Home of the Red Hook Empowerment Movement - A neighborhood comes together to define its own way ahead

Our idea formed during the Hurricane Sandy relief effort.  We discovered a nimble, grassroots movement like Occupy Sandy was a more effective humanitarian venture than large bureaucratic organizations like city government or FEMA.  It was so significant at one point government relief workers were directing storm victims to Occupy Sandy.  But the grassroots approach is not just effective disaster relief.  It is the way forward to bringing innovative growth.

The ideal outcome of our movement is this: To define projects together as a community and have some say over funds, set aside, to make these projects come alive, on a local level. 

And to share this with social enterprises around the country and even globally, exchanging best practices, so that Red Hook can be a working example for other neighborhoods, even other cities and states nationwide. We don’t see this as an unworkable goal.


Neither do others we know outside of Red Hook with a lifetime of experience in community-based social enterprise.


Red Hook is ready. The neighborhood and its residents are ready. We should do this, now, without further delay. So that Red Hook, as a community, represented by its lifetime members and most active players, can have a conversation with the rest of the outside world on funding these projects, on spearheading these ideas, on lighting the spark and keeping it going

It is not so much a lack of resources – these are often quite present within the communities and neighborhoods themselves – but a lack of opportunity. A simple lack of capital and resources getting to where they need to go, and – above all – a lack of local control and local say by the community itself on how they are helped and which of their projects and ideas get support from the outside. This lack of opportunity is about the skilled tradesman who wants to teach and coach youth on valuable job skills but doesn’t have the outlet to do it; the seasoned but underemployed craftsman or technical expert who is not being served by the traditional economy; the unemployed mother or father who wants to work, and the jobs that are needed in the community but aren’t available, all for a simple lack of basic capital. The youth who want to put their talents ad brains to use learning new things but lack the means to do so, and the elders who want to impart wisdom and knowledge as teachers to these youth, but lack the paid positions to make this happen.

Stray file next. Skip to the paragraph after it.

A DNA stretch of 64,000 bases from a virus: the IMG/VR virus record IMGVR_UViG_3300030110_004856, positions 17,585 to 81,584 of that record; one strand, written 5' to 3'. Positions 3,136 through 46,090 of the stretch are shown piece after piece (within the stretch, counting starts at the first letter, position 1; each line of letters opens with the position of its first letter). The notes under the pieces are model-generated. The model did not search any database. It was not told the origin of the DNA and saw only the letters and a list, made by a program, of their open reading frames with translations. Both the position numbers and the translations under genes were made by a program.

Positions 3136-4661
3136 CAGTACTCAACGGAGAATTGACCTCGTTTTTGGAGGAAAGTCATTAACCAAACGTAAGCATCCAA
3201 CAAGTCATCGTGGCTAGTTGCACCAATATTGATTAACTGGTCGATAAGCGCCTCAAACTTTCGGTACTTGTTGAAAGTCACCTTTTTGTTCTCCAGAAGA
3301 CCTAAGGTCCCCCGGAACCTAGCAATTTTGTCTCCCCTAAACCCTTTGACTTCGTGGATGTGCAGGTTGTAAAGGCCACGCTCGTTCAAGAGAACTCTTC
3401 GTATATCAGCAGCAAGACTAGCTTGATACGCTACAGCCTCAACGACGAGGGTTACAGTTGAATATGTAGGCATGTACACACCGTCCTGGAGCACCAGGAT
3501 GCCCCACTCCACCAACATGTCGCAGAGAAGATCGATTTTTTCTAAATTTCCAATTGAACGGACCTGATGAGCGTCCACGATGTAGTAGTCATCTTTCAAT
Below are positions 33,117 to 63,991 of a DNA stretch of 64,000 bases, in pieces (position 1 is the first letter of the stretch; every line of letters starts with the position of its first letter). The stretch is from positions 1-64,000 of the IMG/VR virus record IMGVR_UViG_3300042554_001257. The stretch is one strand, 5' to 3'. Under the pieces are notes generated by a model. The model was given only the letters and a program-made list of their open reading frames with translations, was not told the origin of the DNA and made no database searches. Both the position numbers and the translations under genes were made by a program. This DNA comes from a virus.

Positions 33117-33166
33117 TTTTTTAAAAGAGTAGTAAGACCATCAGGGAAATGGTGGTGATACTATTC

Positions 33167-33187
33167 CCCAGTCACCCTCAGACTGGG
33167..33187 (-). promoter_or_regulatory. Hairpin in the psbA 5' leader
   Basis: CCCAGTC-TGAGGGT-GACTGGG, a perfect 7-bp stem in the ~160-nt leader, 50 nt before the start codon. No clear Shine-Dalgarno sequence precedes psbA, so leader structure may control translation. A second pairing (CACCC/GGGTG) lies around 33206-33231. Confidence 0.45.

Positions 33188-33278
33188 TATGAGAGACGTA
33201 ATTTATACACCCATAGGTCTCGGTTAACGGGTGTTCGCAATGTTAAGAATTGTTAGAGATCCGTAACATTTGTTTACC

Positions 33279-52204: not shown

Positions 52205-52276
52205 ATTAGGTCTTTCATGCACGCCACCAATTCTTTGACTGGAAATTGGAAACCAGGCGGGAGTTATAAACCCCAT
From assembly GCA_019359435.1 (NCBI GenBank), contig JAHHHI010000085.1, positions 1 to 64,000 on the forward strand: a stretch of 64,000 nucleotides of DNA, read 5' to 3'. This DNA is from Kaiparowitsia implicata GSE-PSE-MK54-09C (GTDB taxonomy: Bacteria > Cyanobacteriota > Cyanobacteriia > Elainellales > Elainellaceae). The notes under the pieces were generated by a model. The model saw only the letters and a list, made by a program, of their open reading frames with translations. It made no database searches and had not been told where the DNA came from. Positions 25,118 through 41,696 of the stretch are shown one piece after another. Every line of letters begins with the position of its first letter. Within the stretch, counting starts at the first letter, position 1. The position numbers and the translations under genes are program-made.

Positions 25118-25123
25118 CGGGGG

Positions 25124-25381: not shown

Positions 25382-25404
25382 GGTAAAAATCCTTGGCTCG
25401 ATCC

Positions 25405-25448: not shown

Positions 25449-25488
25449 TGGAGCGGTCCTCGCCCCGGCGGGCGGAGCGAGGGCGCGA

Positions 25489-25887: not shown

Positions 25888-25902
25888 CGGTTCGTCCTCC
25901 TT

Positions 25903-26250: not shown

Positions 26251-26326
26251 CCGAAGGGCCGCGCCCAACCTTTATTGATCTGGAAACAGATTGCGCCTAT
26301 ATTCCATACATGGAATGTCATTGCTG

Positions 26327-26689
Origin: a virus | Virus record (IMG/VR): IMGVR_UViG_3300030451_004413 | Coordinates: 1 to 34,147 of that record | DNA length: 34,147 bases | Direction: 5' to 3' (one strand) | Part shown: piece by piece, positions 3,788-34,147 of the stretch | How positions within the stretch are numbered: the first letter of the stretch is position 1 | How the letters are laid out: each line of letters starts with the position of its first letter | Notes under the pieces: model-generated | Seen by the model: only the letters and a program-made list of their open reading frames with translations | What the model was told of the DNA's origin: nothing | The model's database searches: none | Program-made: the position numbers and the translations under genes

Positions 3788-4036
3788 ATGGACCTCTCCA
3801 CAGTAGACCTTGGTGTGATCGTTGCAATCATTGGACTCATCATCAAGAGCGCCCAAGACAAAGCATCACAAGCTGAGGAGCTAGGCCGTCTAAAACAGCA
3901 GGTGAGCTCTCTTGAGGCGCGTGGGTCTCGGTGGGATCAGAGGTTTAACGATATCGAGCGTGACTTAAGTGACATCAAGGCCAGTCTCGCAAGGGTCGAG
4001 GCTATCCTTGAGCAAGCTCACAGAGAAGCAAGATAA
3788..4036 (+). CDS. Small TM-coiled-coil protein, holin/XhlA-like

In Red Hook, like far too many US communities, there are needs not being met, in spite of lots of people with the skills, talents and motivation to meet them if given the chance. Unfortunately, these areas – needs and assets - do not seem to come together much, with hundreds of people remaining stagnant in an economy that’s not serving the majority, nor appreciating its human capital or taking advantage of its untapped skill and talent.

Fortunately, there are ways we can link all this together. There are tools and approaches in the Special Operations toolkit that we’ve applied in our war zones, which our Iraq and Afghanistan veterans can help apply to fighting poverty and social isolation; there are numerous tools and skills in the tech industry as well. We should apply it here on the home front, to address some of our most pressing social problems.

We put so much creativity, risk, and above all, reward, into innovating our social apps and tech industry, our smartphones and iPads, and other things we deem to be investment-worthy as ‘the next big idea’. Let’s innovate how we help neighborhoods.; better still, how we simply empower neighborhoods to help themselves with the vast array of intellectual and human capital it already has. This is worth venture backing. By people, foundations, businesses – anyone who wants to be first to get behind it. This is not funding any single project or person or idea. It is planting the seed for an entire community to water and grow the social capital it already has, from youth to skilled workers to veterans…and to be a shining , workable, replicable example of a community coming together. This is far more bold and far-reaching than traditional charity, and it is the experience of many in Red Hook that much of our most pressing social problems across our communities cannot be quickly nor sufficiently tackled by charity alone. Rather, this project is a big step forward for the way we look at communities, and how we grow and scale solutions. This is a project for venture philanthropy.